Indian country always has been, and always will be, united in working to ensure Native Americans are provided the health care services they were promised by the U.S. government.
Recently, an inaccurate analysis appeared in Indian Country Today on the stalled vote in the U.S. House of Representatives on the reauthorization of the Indian Health Care Improvement Act. I can personally attest that the National Congress of American Indians, along with the IHCIA National Steering Committee, the National Indian Health Board, the National Council of Urban Indian Health and tribal leaders from across Indian country have all made, for the last several years, getting this legislation passed their number one priority. Their united effort has been unprecedented.
Now, more than ever before, this is a time for us to come together. Tribal leaders look to our national organizations to lead the way and be our Washington, D.C., staff and our voice on Capitol Hill and we will confidently continue to do so.
As a councilman of the Rosebud Sioux Tribe, I have witnessed over and over the health disparities Native people face on a daily basis. Unlike the ICT analysis, I can tell the real story of the united fight for reauthorization of the IHCIA.
That ongoing struggle began decades ago to end the crisis of Native people whose lives have been cut short, or have experienced unnecessary pain and suffering, due to the subpar health care Native people face. They are the real stories and they deserve the real analysis.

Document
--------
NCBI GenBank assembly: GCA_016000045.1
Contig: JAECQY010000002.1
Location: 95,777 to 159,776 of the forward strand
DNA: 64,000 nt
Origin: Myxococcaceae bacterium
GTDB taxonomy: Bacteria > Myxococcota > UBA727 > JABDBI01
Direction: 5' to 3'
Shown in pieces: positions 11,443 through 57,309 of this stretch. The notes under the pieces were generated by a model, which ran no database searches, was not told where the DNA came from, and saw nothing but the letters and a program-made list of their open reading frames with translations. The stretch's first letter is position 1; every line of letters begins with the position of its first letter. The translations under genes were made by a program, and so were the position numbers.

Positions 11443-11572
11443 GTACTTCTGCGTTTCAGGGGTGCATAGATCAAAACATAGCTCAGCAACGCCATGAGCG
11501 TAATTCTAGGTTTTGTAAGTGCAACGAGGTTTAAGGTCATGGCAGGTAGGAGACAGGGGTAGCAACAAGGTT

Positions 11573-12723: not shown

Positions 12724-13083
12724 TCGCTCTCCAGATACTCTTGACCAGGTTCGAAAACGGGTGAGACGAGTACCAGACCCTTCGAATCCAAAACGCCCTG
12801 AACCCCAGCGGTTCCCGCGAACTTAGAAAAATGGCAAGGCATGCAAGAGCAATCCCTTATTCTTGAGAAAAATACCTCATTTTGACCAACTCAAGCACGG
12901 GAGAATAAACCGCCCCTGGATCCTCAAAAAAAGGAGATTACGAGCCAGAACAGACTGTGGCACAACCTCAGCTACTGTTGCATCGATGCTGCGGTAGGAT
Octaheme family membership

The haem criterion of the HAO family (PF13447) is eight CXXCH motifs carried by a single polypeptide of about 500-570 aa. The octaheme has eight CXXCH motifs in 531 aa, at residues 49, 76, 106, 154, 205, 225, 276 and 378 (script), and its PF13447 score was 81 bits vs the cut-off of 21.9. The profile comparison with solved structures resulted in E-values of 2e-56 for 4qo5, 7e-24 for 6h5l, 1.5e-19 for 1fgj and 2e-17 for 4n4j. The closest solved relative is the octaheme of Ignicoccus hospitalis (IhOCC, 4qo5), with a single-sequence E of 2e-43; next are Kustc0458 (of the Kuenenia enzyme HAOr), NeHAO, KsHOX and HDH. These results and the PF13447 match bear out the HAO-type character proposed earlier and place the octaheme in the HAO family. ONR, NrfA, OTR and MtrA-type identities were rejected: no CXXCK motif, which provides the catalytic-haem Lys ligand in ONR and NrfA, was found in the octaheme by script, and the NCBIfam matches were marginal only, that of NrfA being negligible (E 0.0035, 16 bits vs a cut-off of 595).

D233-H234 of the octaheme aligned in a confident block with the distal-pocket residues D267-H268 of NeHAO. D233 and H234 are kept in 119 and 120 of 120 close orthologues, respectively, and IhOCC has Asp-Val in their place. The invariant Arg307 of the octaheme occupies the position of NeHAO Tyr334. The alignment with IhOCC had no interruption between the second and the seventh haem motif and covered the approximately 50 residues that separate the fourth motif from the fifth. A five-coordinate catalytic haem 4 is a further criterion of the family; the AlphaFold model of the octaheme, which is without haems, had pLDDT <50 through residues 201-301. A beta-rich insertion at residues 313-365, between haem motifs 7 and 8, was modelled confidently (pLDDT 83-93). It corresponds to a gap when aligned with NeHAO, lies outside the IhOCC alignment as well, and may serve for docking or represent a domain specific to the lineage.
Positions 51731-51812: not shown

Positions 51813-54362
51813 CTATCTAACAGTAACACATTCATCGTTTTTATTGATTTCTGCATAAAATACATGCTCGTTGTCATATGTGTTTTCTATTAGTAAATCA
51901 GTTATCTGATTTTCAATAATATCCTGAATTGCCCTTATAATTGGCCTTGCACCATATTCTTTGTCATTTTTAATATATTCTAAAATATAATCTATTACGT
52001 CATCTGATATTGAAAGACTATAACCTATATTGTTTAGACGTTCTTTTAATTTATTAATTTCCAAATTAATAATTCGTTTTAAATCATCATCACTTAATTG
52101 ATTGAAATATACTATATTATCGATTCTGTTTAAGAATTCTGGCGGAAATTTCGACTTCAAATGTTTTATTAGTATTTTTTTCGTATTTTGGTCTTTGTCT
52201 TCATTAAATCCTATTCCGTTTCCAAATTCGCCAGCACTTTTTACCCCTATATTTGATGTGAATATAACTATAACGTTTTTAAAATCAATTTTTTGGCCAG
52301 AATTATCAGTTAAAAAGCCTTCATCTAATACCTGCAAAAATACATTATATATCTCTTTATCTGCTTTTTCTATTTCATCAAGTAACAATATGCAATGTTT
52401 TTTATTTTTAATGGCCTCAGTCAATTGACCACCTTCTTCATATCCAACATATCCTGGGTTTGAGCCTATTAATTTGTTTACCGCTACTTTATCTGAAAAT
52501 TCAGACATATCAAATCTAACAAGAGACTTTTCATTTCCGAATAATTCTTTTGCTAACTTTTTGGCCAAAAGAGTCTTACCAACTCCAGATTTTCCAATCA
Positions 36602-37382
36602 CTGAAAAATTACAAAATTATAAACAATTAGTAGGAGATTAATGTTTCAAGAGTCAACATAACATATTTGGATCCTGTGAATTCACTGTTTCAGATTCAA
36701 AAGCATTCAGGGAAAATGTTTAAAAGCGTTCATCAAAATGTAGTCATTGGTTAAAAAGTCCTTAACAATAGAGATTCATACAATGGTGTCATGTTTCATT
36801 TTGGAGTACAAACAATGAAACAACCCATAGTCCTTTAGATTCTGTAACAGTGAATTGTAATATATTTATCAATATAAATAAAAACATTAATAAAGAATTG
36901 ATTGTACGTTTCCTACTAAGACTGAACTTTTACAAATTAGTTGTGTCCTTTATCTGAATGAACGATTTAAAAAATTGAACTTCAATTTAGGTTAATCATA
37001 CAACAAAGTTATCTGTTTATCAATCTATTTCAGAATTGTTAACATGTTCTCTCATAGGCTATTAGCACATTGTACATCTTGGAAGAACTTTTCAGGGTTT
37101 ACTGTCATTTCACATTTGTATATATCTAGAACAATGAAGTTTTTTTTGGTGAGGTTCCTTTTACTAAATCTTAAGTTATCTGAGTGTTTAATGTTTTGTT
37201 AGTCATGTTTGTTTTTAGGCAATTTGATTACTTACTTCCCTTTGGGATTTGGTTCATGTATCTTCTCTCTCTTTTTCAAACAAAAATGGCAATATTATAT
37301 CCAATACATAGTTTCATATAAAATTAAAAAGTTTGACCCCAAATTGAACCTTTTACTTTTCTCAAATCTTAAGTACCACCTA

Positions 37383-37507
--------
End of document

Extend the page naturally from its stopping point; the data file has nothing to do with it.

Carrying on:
Take Marrles Moore, an 86-year-old elder of the Rosebud Sioux Tribe, as an example. Marrles, who is also my father, fell in his home, sustaining extensive trauma to the head. He suffered in an IHS emergency room waiting area for two hours, bleeding from the head, before being seen by a physician. Through reauthorization of the IHCIA, my father could have been living in an assisted living facility or had in-home care, and the fall could have been treated immediately or possibly even prevented. It would also have provided a fully staffed and modern medical facility where he could have been adequately treated upon arrival.
These types of stories are the reason Indian country has been united in its efforts.
It’s time to stop playing politics with people’s lives. Native people are dying. Along with our congressional representatives, the Senate Committee on Indian Affairs, the House Resources Committee, the House Native American Caucus, and their hard-working staff, we must stay united and get this bill passed. I can assure you that tribal leaders and the national Native organizations will continue to put Indian people first. That is a promise.
– Robert D. Moore
District 3 Council Representative
Rosebud Sioux Tribe